In the introduction to the Annual Report, I had stated that hopefully a meeting of the Foreign Ministers could lead to a meeting of the heads of state and government of the four major powers. I know it requires most careful preparation to arrange such a meeting. I also recognize that, in view of the current political situation in individual countries, such a summit meeting could hardly be envisaged until some time in 1969. I cannot help feeling very strongly that the mere fact of agreement [Page 940] in principle to hold such a summit meeting would shine as a ray of hope in the presently clouded sky and bring a sense of relief to human beings all over the world who are deeply concerned about the trend of international developments today.

Let me add that in my thinking it is not necessary that the four Foreign Ministers should meet as a group. It would be equally effective if they were to meet individually with each other, taking advantage of their presence at the current session of the General Assembly. Preliminary discussions now initiated could be followed up by subsequent meetings at a time and place which would be mutually convenient. In all such efforts I shall of course be happy to be of help, if so desired.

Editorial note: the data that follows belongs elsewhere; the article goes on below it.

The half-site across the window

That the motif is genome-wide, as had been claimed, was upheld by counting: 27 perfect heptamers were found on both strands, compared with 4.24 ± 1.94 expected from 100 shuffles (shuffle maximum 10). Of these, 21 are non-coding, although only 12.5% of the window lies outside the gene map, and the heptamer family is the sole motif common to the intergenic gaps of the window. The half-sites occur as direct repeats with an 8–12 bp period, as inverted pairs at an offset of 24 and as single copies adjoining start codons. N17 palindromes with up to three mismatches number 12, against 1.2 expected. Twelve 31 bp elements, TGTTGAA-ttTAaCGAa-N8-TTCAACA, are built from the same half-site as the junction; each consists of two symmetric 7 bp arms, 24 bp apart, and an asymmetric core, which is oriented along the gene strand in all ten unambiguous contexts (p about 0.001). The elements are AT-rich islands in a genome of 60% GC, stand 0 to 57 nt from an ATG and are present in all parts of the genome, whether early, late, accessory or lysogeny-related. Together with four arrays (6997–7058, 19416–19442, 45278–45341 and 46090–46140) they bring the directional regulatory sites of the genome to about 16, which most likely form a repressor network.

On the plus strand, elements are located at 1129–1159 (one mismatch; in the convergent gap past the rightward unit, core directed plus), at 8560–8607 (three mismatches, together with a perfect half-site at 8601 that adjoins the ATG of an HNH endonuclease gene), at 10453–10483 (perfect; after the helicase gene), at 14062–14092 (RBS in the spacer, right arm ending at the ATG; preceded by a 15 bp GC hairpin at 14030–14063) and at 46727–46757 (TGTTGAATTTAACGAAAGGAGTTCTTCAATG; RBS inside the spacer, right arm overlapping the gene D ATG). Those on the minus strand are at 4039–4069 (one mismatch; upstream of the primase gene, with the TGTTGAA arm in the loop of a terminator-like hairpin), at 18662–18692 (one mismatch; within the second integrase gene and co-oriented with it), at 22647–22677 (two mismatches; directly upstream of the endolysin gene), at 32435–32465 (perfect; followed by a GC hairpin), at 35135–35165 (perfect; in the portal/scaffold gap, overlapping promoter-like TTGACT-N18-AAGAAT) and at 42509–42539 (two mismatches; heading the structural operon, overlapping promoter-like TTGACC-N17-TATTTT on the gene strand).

I feel that the ideas I had expressed, perhaps too tersely, in my introduction to the Annual Report, needed to be spelt out a little. It is with this thought in mind that I address this letter to you. I have no doubt that you will wish to give this suggestion your most earnest consideration. End text.3

  1. Source: Johnson Library, National Security File, Agency File, United Nations, Vol. 11. Secret; Priority; Nodis.
  2. Annual Review of United Nations Affairs, 1967–1968 (Oceana Publications, Inc., Dobbs Ferry, NY, 1969), pp. 1–44. The ideas referred to here are in Section X, Other Questions.
  3. In an October 5 memorandum to the President transmitting both the text of this telegram and of the proposed State Department reply, Walt Rostow requested and received approval for a response “based on the proposition: We are not prepared at this time to in effect commit a new administration to a summit in 1969.” (Johnson Library, National Security File, Agency File, United Nations, Vol. 11)